Why plastic is bound to stick around


By Ashleigh Woodvine – Innovate research department

During a recent patent search I stumbled upon a document relating to a reverse vending machine for plastic bottles. Although the date of the application was relatively new, it soon became apparent that the general concept is a well-established one. Unlike some other European countries, the UK doesn’t have much of a history of government-mandated bottle-return schemes, but with major supermarkets here now trialling the machines for doing just this and being willing to give credits back to the customer, there are signs that there might be money to be made from a growing pile of old bottles. But why might this be the case? Why should we expect to see the recycling of used plastic become more strategically important, rather than seeing moves made toward doing away with plastics altogether, and a future in which ‘natural’ materials meet all of our packaging needs instead?

It really comes down to what remarkable materials plastics are. The ever-widening family of synthetic polymer resins is so versatile in its diversity that it has made its way into every sphere of our modern lives. In short, plastic is here to stay. And therein lies another problem: the speed and the manner in which waste plastic degrades.

Today, none of us are strangers to the threat our environment faces from plastic pollution. This groundswell of awareness is due in no small part to the ground-breaking work by the likes of David Attenborough and his team at the BBC, who were responsible for bringing to light necessarily shocking footage of the plastic pollution plaguing our oceans. Yet the gravity of the plastic pollution situation is not my focus here. It is a dire chapter – and one that I hope we will see an end to soon – but the story of plastic is much larger than this, and the next chapter in the story is currently being written.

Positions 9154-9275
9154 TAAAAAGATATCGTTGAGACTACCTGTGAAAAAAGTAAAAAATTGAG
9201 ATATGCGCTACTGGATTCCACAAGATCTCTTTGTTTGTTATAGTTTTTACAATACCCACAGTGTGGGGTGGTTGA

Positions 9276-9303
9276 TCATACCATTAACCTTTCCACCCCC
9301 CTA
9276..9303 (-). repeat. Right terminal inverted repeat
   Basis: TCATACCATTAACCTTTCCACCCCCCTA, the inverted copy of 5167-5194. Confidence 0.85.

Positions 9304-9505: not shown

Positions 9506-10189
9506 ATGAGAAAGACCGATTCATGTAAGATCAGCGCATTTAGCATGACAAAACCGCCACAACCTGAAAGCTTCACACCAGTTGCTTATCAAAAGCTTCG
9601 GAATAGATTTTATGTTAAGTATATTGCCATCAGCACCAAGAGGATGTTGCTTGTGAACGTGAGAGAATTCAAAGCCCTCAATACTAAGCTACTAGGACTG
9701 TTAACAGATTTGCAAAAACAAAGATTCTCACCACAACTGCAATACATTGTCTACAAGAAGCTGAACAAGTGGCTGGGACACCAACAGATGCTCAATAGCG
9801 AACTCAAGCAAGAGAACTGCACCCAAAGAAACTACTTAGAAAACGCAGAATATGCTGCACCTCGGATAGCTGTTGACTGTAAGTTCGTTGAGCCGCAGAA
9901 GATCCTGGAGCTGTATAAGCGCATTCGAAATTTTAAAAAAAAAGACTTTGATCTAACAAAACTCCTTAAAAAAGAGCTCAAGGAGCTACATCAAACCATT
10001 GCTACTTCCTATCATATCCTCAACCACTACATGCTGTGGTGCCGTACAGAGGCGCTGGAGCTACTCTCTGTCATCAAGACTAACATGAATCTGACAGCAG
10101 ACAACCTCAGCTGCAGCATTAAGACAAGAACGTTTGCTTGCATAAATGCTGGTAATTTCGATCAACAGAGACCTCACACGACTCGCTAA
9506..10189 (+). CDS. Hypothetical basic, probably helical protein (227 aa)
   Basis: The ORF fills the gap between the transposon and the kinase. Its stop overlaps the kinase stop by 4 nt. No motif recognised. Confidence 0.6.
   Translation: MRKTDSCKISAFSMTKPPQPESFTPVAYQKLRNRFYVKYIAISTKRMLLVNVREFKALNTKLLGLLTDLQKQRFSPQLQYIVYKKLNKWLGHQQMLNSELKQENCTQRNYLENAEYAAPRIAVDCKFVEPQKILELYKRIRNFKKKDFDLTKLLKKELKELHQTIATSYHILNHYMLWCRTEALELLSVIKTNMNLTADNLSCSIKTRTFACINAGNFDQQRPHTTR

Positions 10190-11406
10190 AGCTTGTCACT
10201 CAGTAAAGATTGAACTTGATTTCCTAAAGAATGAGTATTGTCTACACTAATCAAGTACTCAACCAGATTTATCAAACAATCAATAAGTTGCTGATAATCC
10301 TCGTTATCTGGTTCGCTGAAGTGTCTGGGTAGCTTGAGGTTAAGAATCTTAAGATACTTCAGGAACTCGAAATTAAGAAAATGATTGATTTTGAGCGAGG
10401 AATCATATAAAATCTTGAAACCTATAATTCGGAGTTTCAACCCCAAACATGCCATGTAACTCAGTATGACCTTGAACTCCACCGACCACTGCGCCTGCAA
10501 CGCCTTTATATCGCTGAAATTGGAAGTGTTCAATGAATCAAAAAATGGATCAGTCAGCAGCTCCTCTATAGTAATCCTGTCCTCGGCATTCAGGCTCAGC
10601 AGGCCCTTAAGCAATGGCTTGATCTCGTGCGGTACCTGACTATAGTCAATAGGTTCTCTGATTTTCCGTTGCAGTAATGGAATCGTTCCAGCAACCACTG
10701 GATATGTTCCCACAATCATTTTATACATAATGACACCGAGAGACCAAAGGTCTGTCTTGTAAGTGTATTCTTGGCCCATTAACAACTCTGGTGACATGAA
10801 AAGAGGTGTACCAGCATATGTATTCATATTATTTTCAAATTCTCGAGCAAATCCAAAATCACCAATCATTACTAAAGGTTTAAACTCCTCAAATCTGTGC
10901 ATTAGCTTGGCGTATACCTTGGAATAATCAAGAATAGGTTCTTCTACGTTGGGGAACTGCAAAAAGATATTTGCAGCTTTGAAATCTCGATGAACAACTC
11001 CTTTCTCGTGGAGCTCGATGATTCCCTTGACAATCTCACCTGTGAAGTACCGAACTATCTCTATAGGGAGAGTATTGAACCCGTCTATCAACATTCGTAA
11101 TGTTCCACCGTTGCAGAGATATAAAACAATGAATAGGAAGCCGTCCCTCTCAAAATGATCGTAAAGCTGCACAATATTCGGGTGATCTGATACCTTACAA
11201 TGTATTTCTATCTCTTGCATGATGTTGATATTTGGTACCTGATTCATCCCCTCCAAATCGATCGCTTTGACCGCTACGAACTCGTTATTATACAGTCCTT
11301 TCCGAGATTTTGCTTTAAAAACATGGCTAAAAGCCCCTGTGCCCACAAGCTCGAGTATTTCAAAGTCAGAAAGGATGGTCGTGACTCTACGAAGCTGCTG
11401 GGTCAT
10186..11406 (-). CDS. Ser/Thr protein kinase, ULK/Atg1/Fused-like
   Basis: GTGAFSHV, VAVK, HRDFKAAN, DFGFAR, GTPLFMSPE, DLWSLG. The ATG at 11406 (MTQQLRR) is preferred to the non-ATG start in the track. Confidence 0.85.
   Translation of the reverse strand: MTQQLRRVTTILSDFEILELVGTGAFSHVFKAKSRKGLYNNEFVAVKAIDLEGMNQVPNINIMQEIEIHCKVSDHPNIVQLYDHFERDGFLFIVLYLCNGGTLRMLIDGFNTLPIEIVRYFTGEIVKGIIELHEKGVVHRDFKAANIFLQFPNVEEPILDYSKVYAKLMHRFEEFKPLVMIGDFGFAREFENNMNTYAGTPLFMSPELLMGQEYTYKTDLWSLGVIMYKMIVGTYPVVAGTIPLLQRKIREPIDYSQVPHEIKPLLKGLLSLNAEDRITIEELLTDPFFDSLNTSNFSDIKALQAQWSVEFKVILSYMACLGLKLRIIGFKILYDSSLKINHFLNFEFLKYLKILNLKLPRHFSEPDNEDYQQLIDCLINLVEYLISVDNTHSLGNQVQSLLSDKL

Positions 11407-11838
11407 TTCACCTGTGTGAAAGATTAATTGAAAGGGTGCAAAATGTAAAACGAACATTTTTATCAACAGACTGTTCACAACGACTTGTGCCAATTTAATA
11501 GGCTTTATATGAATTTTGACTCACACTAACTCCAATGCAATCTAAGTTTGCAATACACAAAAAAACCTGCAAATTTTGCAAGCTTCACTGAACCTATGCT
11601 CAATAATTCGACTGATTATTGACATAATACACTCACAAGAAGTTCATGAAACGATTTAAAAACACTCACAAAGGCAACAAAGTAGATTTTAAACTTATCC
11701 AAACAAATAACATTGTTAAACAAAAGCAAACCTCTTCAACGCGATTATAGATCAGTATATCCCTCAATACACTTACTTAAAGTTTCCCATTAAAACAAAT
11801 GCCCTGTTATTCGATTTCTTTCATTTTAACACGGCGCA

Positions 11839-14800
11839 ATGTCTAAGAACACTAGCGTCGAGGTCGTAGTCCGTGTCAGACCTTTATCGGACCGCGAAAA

When we think beyond plastic as a dirty word and remind ourselves of how using it has benefitted us, we begin to understand that mankind’s love affair with it will not be ending anytime soon. If one considers the quality standards of the vehicles and household appliances we are lucky enough to use, we see increases in safety, reliability and energy efficiency are directly linked to the use of plastic in their construction. In the last few decades we have benefitted from innovations in lubricants, non-stick coatings, or paints, for example, with the latter being far more durable, less toxic and requiring fewer coats, saving us both time and resources. We enjoy the comfort and performance of the fabrics we wear in the gym, out in a rainstorm, or as the quilt on our bed. All this is made possible by plastic resins in some form or another, and these are just the durables. As controversial as it may initially sound, we should not ignore the advantages brought to us by the use of plastics in packaging, from lowering weight, transport and manufacturing costs, to providing an unmatched level of protection and sterility for the perishables we need in order to live. In terms of the hygiene and shelf life of our foodstuffs and medical supplies, consider the extra wastage we would experience without plastic.

Granted, it is not the loaves of bread and blood pressure pills that are being picked up at ‘beach cleans’, it is plastic soft drink bottles, carrier bags, fast food boxes, wrapping films, drinking straws, and ear buds – the very things that we know should be disposed of responsibly. With around half of all plastic pollution in our water systems coming from single-use products, the use and abuse of throwaway plastic is staggering. But it is down to more than just waste-handling malpractices and littering at the consumer level, it is also a design problem. For too long, designers and manufacturers have ignored end-of-life costs for their products with disposability becoming the default setting and pollution the unintended consequence.